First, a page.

We then got a call from friends back in Golden for a catch up conversation, enjoyed a nice dinner of pan-seared fresh lake trout, squash, zucchini, and onions, and a drink. With colder temperatures and no firewood we retreated inside the home for some heat and eventual sleep.
We woke and were excited to start the day with a run from camp into the town to explore. We had coffee, ate Lara bars, dressed, and set off. The run started with a short downhill into town. The town has docks along the bay with people lining up already for the short ferry ride over to Madeline Island. We ran past the marina, several parks, and more fish docks with fresh fish signs. One park had a couple of the old wood hulled fishing boats freshly painted, one with colorful bird houses nailed to it, obviously highlighting the proud fishing history of the town.
We then circled back up and through the little town by shops, restaurants and businesses. One, Maggies, a restaurant that was highly recommended was currently closed with bright pink sign stating an employee had been tested positive for COVID. Sad, but the world in which we live. We ran up the steep residential hills looking at really nice wood frame victorian style homes before landing back on the main road and entry into Dalrymple Park Campground.
Around noon, I decided to do a quick check and clean up of the battery terminals in hopes that would solve the continued problem of starting the Tacoma. As I began, so did the rain and not having a garage anymore, I had to continue. In my haste, I set a critical nut on the battery where it was mandatory that I strike it, knocking into the engine cavity and out of sight. Remaining calm was the order so I completed the clean up and reattached all other critical parts to the battery. I then, carefully moved all remaining hardware and tools away from the engine cavity as to eliminate the possibility of them getting knocked in as did the critical nut. At which point I donned my headlamp and started searching from the critical lost nut. It was no where in sight so, now lying on my back, I began running my hands in dirty and greasy places clean hands weren’t meant to be, but nothing. Then, in a panic, I went to the trailer to fetch a paper towel and said, “Lysette, we have a problem, the critical nut went missing.” She looked over her reading glasses as she was busily working on her iPhone and responded, “what nut”.
So she finished and came out a few minutes later to help. I was now worried I would have to remove the skid plate beneath the engine to located the missing nut. As I was about to pull out the tools, Lysette, who is now taking pictures of me lying under the truck in my crocs and more worried I would get my foot in something previous campers had left on the ground says, “bang on the skid plate to see if you hear it.” Genius idea was what I thought but didn’t say as I was now busy knocking the skid plate. It rattled just like a nut lying in metal would rattle and excitement followed. Now comes the effort to get to it without taking the skid plate off. It took a while with various arm and body contortion, stick prodding and pokes, and more photos by Lysette of me doing this job, but in the end, we got the critical critical missing nut out, reassembled everything properly, and it didn’t fix the engine start issue. So we decided to go for a walk.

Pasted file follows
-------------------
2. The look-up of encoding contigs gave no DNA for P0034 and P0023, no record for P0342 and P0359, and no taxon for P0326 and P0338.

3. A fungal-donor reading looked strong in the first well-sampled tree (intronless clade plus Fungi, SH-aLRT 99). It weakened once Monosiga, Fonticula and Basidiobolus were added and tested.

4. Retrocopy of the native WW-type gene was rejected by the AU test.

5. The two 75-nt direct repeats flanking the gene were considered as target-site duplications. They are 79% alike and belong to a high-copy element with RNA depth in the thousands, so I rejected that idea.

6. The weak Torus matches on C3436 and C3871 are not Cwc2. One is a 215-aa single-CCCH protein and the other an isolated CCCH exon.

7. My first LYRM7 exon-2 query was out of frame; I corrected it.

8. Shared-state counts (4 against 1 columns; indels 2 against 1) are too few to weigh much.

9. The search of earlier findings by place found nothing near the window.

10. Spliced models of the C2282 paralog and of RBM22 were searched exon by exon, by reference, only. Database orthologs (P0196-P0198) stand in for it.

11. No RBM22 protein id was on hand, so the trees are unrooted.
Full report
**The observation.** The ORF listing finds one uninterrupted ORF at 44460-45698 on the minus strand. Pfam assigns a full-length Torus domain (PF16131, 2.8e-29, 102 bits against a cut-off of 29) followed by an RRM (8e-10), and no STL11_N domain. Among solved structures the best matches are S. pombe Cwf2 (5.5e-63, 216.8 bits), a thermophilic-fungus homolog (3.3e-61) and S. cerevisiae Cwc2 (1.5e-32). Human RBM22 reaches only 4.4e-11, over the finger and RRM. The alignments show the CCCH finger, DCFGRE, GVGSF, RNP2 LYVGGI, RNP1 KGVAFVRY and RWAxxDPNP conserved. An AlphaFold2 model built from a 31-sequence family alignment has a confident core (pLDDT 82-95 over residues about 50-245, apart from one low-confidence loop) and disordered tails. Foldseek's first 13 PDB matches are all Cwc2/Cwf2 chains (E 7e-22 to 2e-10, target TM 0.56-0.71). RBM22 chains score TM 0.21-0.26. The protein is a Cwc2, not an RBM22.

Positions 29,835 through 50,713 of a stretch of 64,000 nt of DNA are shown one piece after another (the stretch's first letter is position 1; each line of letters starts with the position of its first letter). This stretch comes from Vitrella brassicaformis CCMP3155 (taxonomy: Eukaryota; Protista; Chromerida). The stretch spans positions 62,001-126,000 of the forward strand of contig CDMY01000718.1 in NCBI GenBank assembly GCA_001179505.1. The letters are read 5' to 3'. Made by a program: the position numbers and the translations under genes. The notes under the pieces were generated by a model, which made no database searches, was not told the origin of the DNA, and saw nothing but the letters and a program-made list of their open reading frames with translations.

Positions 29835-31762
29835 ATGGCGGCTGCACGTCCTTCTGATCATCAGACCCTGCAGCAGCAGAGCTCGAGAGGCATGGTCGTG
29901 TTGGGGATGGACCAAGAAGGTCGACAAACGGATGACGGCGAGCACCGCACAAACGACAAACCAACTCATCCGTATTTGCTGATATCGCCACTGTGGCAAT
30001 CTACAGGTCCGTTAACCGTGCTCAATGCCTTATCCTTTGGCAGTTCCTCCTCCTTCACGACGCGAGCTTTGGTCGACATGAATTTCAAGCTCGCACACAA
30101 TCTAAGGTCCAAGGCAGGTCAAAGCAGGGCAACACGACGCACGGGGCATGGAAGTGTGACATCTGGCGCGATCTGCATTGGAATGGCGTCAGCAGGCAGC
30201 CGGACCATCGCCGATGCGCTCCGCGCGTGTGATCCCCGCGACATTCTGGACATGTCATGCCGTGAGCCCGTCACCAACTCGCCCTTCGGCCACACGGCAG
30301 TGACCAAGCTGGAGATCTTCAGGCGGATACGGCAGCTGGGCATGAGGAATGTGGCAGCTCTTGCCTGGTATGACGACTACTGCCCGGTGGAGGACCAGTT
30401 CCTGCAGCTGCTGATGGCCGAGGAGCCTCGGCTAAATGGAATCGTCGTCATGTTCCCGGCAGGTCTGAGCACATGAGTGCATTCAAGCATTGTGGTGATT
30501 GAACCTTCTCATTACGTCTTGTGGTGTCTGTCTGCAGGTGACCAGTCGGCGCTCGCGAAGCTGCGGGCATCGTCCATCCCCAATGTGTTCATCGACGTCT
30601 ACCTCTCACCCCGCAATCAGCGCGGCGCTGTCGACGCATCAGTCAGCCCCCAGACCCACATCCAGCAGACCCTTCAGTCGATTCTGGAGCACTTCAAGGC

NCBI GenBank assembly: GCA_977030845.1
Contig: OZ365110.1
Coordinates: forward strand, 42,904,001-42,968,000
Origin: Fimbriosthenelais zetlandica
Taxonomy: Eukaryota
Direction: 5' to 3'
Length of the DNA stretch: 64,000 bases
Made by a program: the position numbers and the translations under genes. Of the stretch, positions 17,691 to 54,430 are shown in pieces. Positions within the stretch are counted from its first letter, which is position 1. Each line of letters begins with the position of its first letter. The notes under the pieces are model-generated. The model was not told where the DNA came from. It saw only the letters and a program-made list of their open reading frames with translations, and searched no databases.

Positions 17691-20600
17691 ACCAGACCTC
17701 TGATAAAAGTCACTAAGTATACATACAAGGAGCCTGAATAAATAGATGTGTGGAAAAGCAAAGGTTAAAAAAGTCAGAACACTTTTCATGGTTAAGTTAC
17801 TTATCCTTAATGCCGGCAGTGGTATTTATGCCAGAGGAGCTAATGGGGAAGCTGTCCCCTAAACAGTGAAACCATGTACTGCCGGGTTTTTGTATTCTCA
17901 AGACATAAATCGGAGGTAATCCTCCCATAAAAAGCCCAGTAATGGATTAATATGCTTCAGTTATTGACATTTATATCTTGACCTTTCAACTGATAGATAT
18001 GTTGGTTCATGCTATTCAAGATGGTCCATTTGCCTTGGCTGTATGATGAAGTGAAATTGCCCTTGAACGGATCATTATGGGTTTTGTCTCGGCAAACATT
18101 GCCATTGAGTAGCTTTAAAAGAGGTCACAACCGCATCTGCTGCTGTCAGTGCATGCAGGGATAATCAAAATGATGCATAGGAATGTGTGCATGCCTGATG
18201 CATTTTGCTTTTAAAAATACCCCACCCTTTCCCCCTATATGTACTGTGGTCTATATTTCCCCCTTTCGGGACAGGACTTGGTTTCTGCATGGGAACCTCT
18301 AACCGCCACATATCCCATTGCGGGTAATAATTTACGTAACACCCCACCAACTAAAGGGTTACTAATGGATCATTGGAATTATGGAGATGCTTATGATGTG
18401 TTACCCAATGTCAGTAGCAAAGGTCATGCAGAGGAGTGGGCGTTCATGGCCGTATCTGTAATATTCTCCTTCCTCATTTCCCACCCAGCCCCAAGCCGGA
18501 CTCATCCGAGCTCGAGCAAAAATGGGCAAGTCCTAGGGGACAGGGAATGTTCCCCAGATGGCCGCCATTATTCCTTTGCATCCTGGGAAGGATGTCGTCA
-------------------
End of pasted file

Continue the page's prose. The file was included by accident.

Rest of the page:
The route took us back into town and to the Brownstone hike from town which we had seen before. It was advertised as 2 miles out and back from Bayfield on an old railroad bed along the coast to the marina which used to be a supply hub for Bayfield. The advertisement went on to suggest lakeside, rock features, sand dunes and all the things you’d want to see in the area on a hike.
Early on one detour took us out to the main road leaving town and then the route kind of got weird. It provided us a residential neighborhood and other developments under construction, and ended in a large marina and condo complex. We turned and hiked back confused, hungry, and tired but relived that the day was a success as we found the missing critical nut.
In all, kidding aside, we are somewhat concerned about the truck intermittenly starting but not overly. This started in Montana before Glacier and only recently progressed. Our consulting mechanic back in Colorado has been great about advising us. We will call him tomorrow to go over options that include getting the starter replaced as we move through the next few cities. If so, we will call ahead to see who could do this and what time frame it will be. Coming up on a weekend, we may risk the chance and wait to see where we are early next week as we will likely be in more populated areas. Not that mechanics are better there. More to come.
Our short time passing through the state in no way reflects our desire to see and do more here, but with fall colors creeping out of the trees and some nervous energy about making it east, we move on. We rolled out of the Northeastern section of Wisconsin, through the towns of Washburn and Ashland where we saw an old papermill, now sitting dormant on the lake, a lighthouse mid bay, and beautiful scenery of red cliffs along the opposing shoreline. We are departing wanting so much more. This place is simple, has the lake food we’ve been looking for, the small town charm of a waterfront community with history and the nautical presence. Add in the opportunity at some point to paddle, camp, and hike the Apostle Islands and we are coming back. Mixing this brief experience into my cheese curd casserole called Wisconsin, this state is tops on my list of places to return and get deeper into the area.